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Compliance is culture

Jonathan Brun

Compliance is fundamentally a systems problem that sits on top of a culture problem. In this 1986 interview with Richard Feynman, the famed Nobel physicist explains what led to Space Shuttle Challenger disaster. To explain the dysfunction at NASA, he uses the powerful analogy of a child who runs into the street and is reprimanded by his mother. The child responds, “but nothing happened!”. The child continues to run into the street with no consequences until, unsurprisingly, something bad happens. The challenge compliance officials face is, how to educate the child?

Feynman struggles with this question. If even he cannot come to a clear conclusion, then we must recognize that instilling a culture of quality, safety, and compliance is a challenging task for any organization. Feynman does not explain what a solution may be, but he does outline that a driver of disasters is hubris.

Ultimately, organizations that cut corners always get caught. The question is just when, where and how much does it cost? Some disasters completely destroy an organization, while others can be transformational and others can be continuously ignored. Three examples of these diverging paths include:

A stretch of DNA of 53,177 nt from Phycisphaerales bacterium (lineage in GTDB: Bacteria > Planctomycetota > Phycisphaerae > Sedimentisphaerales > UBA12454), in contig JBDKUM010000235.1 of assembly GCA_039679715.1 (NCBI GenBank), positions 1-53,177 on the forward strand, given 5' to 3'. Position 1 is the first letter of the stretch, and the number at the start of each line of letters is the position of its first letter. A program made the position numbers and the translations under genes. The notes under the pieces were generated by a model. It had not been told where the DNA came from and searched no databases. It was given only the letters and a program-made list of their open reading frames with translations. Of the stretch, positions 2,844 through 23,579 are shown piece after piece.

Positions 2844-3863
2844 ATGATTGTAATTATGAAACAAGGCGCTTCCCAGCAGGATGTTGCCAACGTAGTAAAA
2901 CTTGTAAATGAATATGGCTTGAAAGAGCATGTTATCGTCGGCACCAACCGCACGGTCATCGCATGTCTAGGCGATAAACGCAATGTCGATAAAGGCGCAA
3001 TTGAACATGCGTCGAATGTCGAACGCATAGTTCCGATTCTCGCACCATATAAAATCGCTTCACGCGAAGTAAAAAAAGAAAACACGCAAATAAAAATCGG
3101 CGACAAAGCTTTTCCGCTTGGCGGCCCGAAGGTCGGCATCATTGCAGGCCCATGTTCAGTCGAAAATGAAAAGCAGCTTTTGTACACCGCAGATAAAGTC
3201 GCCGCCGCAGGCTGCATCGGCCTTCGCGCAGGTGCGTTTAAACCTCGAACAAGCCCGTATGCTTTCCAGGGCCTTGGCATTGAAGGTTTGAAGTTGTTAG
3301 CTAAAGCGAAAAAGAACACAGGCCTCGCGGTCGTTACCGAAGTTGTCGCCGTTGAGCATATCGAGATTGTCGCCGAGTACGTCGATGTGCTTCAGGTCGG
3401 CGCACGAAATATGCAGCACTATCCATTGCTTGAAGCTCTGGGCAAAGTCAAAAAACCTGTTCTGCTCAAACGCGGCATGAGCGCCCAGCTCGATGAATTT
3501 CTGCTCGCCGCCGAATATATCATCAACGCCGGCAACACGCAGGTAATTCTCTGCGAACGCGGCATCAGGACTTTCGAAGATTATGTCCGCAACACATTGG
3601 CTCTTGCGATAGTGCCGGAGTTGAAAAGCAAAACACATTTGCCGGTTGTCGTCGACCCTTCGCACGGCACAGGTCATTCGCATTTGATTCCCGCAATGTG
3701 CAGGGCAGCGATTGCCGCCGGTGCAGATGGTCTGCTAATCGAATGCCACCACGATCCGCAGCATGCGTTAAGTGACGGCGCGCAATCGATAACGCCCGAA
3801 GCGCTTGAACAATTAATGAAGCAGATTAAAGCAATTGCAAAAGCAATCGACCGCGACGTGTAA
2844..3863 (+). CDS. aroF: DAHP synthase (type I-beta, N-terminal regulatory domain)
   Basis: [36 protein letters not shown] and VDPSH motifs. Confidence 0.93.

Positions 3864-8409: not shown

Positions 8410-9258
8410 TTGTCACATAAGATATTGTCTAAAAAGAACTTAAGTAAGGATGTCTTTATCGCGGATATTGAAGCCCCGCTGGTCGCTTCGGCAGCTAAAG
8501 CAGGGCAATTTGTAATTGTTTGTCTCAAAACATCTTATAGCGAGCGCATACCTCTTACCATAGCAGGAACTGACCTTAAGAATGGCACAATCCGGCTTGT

1. MMA Rail went bankrupt after killing 47 people in Lac-Megantic.
  2. After the Valdez spill, Exxon implemented robust compliance programs and better management practices and since then has had few disasters
  3. Despite commitments to “improve safety”, another fatality occurred at Suncor Oil and the CEO resigned.

Organizations can change, but it requires time, courage, and investment. To build and maintain a strong compliance program, it needs to be simple, it needs to work, and its rewards need to be made visible within the organization. Organizations must congratulate themselves for their technical successes but also their often-invisible organizational successes. If NASA had taken the time to understand why the Apollo program worked relatively well (from a safety perspective), then perhaps the Challenger and Columbia shuttle explosions would never have occurred.

There is no magic solution to compliance, but Nimonik believes in starting simple and building upwards. If you believe your organization is ready to implement a basic compliance program for applicable industry standards, regulations and other documents, contact us at info@nimonik.com today.